Pierre Thomas considers himself a movie buff. The Washington Redskins running back will watch trailers for upcoming flicks, and one in particular involves his career and long-term health.

“Concussion” opened in theaters on Christmas Day. It’s about pathologist Dr. Bennet Omalu, played by actor Will Smith, and his quest to publicly reveal the brain damage done to football players who suffered concussions during their careers. NFL players and their families will receive free admission to watch the movie after it released on Friday.

“I thought it was interesting,” said Thomas on Thursday after watching the movie trailer. “I really want to know more about what that man did to try and get his point across. It showed briefly in the previews that he tried and kept getting shut down, but I really want to know what he went through and why did he get shut down. What’s the real reason because when you see a preview, they only give you bits and pieces. When I see this movie, I’ll have some peace of mind of what really happened.”

Thomas, in his ninth season, said he’s been diagnosed with one concussion in his career. The 31-year-old said the movie will give him a better perspective of what Omalu went through, but he also understands that some of it could be sensationalized for the big screen and the general audience. “Concussion” has drawn a lot of buzz over the last month leading up to its anticipated release on a holiday weekend, when many people head to the theaters with their families.

“You’re going to have a lot of people who just look at it from the outside, and they’re going to be more worried,” Thomas said. “‘Are you guys really watching this? Are y’all really paying attention to this?’ They’re going to be a little bit more worried, but we know what’s at stake. It’s going to start up a big conversation. Everybody is going to start talking about this after they see this movie, and it’s going to be a big commotion. But what can you do? What can we do? Nothing.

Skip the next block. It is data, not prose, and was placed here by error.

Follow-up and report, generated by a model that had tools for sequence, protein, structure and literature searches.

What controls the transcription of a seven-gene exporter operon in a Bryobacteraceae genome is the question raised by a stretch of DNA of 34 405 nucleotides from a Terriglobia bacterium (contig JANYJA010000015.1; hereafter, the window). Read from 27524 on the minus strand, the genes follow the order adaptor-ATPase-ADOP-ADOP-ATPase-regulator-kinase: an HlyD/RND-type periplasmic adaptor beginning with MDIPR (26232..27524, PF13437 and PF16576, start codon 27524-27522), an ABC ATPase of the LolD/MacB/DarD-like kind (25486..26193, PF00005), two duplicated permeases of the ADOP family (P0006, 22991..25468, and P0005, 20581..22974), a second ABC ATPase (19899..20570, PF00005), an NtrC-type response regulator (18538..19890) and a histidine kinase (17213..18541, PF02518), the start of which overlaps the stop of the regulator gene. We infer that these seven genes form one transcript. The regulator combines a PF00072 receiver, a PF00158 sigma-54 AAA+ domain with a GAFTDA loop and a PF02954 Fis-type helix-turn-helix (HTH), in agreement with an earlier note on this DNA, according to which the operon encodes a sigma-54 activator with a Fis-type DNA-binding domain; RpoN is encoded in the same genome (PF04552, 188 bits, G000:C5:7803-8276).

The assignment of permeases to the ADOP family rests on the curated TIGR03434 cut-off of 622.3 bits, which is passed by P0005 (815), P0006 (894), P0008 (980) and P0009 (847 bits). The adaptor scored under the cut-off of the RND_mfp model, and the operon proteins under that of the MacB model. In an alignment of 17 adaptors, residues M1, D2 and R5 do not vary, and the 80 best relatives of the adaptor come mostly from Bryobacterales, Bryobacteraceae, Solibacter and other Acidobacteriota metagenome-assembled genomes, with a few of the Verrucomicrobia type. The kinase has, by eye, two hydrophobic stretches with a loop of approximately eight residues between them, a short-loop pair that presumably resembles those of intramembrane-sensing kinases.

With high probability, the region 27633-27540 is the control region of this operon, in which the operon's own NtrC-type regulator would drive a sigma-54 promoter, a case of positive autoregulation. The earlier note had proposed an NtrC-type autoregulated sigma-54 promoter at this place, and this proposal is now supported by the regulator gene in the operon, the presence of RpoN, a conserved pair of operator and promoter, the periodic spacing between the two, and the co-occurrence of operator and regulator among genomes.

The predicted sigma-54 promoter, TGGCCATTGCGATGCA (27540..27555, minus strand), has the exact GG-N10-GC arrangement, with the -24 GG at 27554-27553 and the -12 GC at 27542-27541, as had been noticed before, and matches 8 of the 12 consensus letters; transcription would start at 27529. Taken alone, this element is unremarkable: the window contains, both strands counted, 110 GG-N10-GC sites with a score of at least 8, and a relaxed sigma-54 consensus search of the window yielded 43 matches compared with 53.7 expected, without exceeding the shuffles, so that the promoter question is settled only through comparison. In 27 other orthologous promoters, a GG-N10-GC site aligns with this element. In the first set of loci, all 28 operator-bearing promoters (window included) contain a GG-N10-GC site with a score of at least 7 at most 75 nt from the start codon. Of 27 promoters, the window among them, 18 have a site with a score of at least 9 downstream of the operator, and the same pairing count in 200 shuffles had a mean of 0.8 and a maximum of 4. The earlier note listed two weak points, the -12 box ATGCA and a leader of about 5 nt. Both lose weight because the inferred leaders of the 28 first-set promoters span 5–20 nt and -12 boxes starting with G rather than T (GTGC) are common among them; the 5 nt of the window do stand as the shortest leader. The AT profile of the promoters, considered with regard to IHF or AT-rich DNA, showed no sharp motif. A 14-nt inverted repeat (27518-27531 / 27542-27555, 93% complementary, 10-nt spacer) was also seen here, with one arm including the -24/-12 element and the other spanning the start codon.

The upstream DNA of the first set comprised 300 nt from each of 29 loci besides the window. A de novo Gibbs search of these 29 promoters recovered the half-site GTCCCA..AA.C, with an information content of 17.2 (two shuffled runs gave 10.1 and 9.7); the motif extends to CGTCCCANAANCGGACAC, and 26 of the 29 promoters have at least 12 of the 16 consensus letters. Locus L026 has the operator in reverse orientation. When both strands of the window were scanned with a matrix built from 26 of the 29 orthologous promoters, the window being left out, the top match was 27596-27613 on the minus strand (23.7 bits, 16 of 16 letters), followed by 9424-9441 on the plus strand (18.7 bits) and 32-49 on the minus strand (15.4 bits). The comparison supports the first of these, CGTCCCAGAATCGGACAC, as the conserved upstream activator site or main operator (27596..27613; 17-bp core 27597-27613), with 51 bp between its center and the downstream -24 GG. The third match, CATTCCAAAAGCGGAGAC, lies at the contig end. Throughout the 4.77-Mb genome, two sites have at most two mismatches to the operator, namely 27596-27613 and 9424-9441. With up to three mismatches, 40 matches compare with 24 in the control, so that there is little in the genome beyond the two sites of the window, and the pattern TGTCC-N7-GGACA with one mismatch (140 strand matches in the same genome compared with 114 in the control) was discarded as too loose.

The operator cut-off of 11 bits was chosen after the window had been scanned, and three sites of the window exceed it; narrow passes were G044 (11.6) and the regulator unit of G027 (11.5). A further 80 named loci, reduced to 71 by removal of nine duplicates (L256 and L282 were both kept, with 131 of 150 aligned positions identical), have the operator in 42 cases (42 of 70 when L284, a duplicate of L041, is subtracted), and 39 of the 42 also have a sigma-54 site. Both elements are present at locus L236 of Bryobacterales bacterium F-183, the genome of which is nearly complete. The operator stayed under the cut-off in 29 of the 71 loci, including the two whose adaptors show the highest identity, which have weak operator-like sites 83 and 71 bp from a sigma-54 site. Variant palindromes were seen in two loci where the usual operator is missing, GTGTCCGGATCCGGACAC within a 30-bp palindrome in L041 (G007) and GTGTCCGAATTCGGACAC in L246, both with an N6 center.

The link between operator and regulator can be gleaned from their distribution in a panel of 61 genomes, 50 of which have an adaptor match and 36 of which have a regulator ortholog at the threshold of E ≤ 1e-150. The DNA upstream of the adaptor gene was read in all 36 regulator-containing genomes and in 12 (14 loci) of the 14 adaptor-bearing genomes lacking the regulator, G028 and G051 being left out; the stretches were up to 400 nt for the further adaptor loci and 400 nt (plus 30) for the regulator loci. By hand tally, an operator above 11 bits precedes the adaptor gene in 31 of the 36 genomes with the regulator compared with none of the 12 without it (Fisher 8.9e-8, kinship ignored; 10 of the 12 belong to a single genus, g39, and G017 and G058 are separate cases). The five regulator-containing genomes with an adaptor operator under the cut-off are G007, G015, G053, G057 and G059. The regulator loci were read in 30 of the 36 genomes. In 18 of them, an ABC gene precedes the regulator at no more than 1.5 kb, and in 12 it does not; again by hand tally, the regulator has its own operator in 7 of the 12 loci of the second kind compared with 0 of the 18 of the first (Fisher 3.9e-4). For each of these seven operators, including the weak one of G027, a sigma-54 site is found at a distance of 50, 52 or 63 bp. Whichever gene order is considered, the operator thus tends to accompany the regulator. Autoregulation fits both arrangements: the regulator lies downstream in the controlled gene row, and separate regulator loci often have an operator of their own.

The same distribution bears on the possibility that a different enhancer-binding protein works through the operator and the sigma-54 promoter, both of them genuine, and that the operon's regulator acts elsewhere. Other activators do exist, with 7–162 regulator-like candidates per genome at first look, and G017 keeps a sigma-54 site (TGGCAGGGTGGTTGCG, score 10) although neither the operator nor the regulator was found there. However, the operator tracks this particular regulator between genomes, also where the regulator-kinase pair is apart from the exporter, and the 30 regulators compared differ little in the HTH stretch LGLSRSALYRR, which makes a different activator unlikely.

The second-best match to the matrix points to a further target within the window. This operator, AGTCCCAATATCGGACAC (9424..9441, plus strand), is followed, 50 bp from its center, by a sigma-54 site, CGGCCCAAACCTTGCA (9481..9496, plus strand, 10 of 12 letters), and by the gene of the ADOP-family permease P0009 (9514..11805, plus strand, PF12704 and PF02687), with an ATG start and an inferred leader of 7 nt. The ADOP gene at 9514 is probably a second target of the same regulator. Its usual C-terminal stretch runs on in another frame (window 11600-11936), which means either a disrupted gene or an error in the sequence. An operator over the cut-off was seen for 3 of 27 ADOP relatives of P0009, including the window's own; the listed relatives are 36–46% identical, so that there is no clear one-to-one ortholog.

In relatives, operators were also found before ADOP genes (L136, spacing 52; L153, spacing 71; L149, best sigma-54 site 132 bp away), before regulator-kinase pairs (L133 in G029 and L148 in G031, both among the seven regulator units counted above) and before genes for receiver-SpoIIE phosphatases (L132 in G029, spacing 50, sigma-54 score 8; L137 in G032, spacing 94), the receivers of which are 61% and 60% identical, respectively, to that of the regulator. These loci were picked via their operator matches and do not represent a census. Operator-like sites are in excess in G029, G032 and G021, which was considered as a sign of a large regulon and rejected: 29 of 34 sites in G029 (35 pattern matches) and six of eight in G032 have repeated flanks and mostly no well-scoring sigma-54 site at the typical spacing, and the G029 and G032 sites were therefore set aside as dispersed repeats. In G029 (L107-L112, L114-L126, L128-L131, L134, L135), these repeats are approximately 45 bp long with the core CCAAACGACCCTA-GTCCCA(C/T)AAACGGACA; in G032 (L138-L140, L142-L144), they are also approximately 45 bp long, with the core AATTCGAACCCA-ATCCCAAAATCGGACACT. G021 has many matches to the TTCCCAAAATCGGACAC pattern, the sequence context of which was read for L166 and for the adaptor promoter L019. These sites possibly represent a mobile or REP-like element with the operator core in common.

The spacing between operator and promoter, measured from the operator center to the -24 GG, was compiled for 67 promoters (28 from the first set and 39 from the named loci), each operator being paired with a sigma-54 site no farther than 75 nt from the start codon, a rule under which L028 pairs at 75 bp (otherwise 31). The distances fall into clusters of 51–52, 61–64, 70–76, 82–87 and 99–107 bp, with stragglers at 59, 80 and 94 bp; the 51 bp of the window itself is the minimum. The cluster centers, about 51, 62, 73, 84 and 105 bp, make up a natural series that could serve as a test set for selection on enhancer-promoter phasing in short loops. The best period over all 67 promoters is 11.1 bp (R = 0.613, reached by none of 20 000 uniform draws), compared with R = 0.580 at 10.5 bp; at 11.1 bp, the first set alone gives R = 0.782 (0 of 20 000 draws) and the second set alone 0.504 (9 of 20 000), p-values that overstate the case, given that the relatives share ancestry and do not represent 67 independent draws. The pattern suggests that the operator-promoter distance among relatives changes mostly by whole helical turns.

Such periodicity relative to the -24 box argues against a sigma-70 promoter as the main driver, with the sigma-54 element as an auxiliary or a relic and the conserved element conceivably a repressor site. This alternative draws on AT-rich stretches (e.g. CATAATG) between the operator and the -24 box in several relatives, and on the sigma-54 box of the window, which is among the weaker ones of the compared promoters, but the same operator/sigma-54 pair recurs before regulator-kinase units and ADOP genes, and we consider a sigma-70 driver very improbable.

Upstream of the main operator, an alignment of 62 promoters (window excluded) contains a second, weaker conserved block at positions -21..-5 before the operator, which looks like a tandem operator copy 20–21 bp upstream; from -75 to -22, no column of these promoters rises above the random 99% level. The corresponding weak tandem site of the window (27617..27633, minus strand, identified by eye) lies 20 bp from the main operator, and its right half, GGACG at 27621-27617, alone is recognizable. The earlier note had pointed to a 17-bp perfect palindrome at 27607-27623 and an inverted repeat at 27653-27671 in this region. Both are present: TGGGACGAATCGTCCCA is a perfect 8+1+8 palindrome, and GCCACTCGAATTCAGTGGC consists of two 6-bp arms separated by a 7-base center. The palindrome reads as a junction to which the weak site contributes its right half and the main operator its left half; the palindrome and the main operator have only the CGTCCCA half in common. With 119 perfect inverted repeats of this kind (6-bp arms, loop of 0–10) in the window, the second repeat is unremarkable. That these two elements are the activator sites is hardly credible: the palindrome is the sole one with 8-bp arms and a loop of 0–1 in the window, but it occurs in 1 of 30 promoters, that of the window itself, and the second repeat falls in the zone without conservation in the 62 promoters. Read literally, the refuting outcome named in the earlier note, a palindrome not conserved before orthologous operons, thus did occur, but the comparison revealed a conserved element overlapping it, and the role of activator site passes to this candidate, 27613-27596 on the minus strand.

“It’s the nature of the game, that’s how you explain it to them. It’s the nature of the game. You sign up for this. It’s just letting you know that this could possibly happen. …If you want to play football, just know you might have a concussion. It might happen. It sucks, but it’s the nature of the game. It’s a violent game. It’s no way of stopping it. How can you stop it? Nobody knows, and until we figure that out, it’s going to keep going the way it is.”

Meanwhile, cornerback Will Blackmon recently told his wife that he had zero desire to see the movie in theaters, but he might watch it once it’s available to stream on-demand. Blackmon, like Thomas, said understood the risks involved playing this physical sport, and he avoids the politics involved in the playing in the NFL on subjects such as chronic traumatic encephalopathy.

“I can definitely voice my opinion if I knew more about it, but I’m not just going to speak on something that I don’t have a lot of education on,” Blackmon said. “This movie maybe can help, but that’s how I am with politics too. I’m not going to watch a debate and then chime in because I actually know what’s going on about foreign affairs or the whole ISIS thing. I’m not going to chime in because I don’t really have the education on that. …I’m not going to speak like I know what I’m talking about.”

Blackmon, 31, values his role as a husband and father of two children. As far as his long-term health, he said he’s been fortunate that he hasn’t taken too many hits to the head in nine seasons. Blackmon also has a son, Ryder, who will turn five next week and has recently shared his desire to play football.

“I’ll have him play flag [football] until he’s in high school,” Blackmon said. “That’s on him. I’m not going to force him to do anything like that. I think that’ll be good, but I think the main thing is learning the fundamentals — learning how to play football, learning how to hit and the biggest one is learning how to get hit.”